France adopts new bill to fight against corruption

To date, France’s anti-corruption policies have proved less effective than might be expected. In particular, no French company has so far been convicted in France for corruption. However, a new anti-corruption bill has recently been adopted.

Entry into force of the bill

The Projet de loi relatif à la transparence, la lutte contre la corruption et la modernisation de la vie économique, introduced by French Minister Michel Sapin, was finally adopted in November 2016 by the French Parliament. It was then scrutinized by the Constitution Court and the amended text entered into force on 11 December 2016.

By defining new standards of transparency for companies operating in France the “Sapin II bill” aims to address corruption more actively than previously.

Deferred Prosecution Agreements

In order to avoid lengthy court proceedings, the “Sapin II bill” introduces a new sanction mechanism known as the Deferred Prosecution Agreement (convention judiciaire d’intérêt général).

When under investigation or when facing prosecution for corruption, companies will be offered the opportunity to enter into a settlement with the Prosecutor that imposes a financial penalty instead of criminal sanctions.

Though the effectiveness of DPAs is yet to be demonstrated they are clearly a step forward in improving France’s anti-corruption policies.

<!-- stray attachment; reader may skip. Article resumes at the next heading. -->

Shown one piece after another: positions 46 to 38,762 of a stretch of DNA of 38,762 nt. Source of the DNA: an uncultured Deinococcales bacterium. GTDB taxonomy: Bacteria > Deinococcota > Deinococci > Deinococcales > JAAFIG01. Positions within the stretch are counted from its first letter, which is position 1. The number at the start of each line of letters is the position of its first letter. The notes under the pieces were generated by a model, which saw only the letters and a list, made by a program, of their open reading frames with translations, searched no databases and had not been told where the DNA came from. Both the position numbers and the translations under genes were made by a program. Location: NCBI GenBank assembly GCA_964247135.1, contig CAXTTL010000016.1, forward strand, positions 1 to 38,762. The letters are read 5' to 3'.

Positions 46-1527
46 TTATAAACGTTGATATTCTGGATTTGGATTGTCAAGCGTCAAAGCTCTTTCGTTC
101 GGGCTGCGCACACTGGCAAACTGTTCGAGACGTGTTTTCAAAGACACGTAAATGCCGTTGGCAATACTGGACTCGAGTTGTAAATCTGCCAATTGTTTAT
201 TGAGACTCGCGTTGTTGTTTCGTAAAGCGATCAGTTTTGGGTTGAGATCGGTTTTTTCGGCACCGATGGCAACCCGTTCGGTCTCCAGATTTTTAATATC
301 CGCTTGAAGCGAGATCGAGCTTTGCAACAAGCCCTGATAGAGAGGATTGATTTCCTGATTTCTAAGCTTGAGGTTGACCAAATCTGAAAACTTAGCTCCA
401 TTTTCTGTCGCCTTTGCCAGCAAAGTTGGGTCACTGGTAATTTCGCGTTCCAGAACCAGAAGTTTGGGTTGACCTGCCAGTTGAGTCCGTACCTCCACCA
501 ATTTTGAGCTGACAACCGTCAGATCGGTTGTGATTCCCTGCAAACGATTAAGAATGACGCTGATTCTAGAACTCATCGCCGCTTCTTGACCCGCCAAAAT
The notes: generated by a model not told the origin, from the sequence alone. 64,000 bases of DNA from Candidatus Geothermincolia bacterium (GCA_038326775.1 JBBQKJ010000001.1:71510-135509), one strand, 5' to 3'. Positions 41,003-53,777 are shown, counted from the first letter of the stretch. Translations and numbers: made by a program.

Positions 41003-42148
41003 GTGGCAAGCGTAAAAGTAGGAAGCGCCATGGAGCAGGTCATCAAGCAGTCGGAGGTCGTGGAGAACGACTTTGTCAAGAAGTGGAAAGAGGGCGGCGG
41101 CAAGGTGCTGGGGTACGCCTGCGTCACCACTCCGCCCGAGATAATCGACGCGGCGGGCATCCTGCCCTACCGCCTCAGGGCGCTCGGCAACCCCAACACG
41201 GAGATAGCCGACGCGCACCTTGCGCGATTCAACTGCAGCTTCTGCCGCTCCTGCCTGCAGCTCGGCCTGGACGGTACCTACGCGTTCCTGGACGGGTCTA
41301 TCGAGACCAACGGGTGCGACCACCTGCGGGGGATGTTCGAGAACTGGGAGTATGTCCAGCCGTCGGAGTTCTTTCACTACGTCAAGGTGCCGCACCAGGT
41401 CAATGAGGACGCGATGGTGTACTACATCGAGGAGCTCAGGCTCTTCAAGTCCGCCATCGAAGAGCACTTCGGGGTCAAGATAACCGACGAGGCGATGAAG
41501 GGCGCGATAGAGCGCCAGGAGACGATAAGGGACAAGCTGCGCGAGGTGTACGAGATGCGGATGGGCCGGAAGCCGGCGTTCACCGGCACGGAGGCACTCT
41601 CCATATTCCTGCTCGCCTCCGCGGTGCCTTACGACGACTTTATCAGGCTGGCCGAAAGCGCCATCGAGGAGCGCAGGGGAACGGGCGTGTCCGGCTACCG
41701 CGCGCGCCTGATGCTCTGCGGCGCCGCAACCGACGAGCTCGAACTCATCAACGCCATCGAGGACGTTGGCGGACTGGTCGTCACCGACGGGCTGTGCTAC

Creation of an anti-corruption agency

For the purposes of this bill, extensive powers will be vested in a new anti-corruption Agency formed of approximately 70 people (Agence française anti-corruption).

The Agency will provide companies with guidelines on implementing internal anti-corruption procedures, and ensure that companies meet the applicable compliance requirements.

Not only will the Agency have a significant role in the prevention of corruption, but it will also have the authority to impose financial penalties against companies.

Implementation of a whistleblowing mechanism

The “Sapin II bill” will require all companies with more than 500 employees, or companies belonging to a group with more than 500 employees with a revenue higher than 100 million euros, to take preventive measures so as to enable both internal and external whistleblowing (lanceurs d’alerte).

Employees will now, therefore, be in a position to report any suspected fraudulent activity by its company.

Whistle-blowers will benefit from a special protection status from the anti-corruption Agency to ensure they are not penalised by the company for reporting any fraudulent activity.

Establishment of an anti-corruption compliance programme

Companies will be required to implement compliance programmes, establishing codes of conduct, in order to raise awareness among employers and employees (programmes de mise en conformité).

Such programmes will impose sanctions for non-compliance and their effectiveness will be audited by the anti-corruption Agency.

Ince & Co France can assist French companies in designing and implementing an effective compliance regime suitable for their business.